4. Hire a cybersecurity firm to conduct penetration tests, a common practice in other industries, where security professionals test their clients’ computer systems and staff to find vulnerabilities that attackers could exploit.

5. Consider implementing technologies that allow staff (or family members) to open suspicious emails and attachments in a contained environment segregated from other systems and computers.

6. Prohibit unauthorized access to patient data; enforce passcodes, and automatic logoffs.

7. Never share password. Period!

If you’re in the New York City area on April 7-9, 2017 join me and colleagues at the The Westin NY at Times Square for our annual Survival Skills for Today’s Gynecologist program. It’s a great time to catch up with friends and hear discussions about the latest in gynecologic patient care. Each day starts with breakfast and includes time for Q&A to deepen the knowledge-share among us.

Along with Steven R. Goldstein, MD who serves with me as Program Co-Director, we have a terrific faculty who will present on leading-edge therapies and topical issues. You might be interested in the most recent recommendations about cervical cancer screening or are wanting more information about HPV education, VVA treatment, hysterectomy procedures, urogynecology, and much more.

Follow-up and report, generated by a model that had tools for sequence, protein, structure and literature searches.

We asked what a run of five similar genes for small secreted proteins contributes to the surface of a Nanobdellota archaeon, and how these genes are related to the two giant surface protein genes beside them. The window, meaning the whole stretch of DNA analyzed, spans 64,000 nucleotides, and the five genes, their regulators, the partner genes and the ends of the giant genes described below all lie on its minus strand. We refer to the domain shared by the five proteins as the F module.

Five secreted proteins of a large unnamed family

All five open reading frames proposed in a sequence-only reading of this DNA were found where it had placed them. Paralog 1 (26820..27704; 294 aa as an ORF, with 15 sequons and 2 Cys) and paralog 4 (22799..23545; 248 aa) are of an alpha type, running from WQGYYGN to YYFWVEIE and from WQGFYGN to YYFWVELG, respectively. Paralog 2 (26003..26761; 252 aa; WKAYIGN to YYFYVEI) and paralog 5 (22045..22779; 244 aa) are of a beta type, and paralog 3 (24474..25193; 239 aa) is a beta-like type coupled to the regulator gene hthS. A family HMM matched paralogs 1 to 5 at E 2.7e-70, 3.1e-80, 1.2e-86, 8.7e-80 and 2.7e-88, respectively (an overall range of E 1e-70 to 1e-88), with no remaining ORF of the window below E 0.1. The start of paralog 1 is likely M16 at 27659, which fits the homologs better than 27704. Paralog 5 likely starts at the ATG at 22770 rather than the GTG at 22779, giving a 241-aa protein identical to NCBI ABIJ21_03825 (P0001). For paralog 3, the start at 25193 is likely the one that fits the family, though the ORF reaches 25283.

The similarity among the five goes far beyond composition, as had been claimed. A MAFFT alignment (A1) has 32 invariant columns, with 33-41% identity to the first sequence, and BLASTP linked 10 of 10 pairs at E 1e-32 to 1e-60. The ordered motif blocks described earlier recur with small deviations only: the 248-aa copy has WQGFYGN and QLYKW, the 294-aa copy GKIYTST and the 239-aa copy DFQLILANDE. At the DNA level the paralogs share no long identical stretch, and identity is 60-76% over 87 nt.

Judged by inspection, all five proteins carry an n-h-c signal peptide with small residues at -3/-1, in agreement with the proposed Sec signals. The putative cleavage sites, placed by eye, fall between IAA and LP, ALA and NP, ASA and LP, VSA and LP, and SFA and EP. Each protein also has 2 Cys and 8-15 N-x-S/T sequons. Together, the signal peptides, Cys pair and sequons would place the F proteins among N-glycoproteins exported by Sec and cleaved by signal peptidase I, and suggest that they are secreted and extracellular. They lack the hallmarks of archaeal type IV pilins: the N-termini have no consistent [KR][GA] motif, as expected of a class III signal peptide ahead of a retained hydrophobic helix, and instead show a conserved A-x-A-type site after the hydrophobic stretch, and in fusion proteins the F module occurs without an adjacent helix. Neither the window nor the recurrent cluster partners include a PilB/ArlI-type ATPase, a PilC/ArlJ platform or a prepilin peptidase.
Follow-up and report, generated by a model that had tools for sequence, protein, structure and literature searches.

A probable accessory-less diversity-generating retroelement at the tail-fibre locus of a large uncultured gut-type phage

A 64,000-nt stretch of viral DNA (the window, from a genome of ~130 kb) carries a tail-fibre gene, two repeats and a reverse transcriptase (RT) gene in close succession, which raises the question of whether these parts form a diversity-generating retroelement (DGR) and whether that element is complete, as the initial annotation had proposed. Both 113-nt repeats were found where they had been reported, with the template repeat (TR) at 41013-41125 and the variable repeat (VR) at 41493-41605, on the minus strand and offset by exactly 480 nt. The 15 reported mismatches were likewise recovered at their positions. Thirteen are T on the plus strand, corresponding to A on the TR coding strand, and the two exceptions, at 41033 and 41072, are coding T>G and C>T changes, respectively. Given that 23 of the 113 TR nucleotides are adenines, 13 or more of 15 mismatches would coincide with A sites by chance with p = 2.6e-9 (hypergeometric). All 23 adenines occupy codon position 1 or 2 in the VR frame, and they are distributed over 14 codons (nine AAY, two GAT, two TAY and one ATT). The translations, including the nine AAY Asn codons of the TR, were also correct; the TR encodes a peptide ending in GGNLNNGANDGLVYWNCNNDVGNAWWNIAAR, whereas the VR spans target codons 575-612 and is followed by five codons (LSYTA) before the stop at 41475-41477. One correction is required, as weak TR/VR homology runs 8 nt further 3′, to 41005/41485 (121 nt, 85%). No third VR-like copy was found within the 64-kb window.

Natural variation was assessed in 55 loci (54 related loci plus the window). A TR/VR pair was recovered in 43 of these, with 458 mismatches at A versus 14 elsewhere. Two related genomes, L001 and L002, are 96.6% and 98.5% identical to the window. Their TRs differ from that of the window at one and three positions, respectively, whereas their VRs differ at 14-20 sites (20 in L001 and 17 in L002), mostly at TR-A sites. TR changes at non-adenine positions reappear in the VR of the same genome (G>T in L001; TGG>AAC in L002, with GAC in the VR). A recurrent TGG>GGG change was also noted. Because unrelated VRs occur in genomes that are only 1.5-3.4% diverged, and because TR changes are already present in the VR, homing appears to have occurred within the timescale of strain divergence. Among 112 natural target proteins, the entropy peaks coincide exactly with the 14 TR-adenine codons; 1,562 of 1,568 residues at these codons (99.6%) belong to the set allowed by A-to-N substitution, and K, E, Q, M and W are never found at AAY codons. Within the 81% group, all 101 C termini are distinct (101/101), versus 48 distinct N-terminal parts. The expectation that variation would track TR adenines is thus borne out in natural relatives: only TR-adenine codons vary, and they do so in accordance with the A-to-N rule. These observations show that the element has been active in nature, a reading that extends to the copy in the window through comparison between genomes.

On Friday, I will discuss the following topics:

  • Menopausal Hormone Therapy: Primary Prevention of Disease or Not?
  • Office Management of Female Sexual Dysfunction: You CAN do this.
  • Flashes, Flushes, and Night Sweats: New and Non-Hormonal Approaches

My topic for Saturday is Pelvic Floor Biofeedback/Physical Therapy: Should I Offer This in My Office?

The treatment of our patient population is ever-changing, as new treatments and options become available. The business of medicine is changing too. Don’t miss this great CME opportunity, learn some Survival Skills, and thrive in the years to come.

View the entire course or to Register at www.WorldClassCME.com or by phone at (888) 207-9105, M-F 8:30 am – 5 pm EST

Hope to see you there!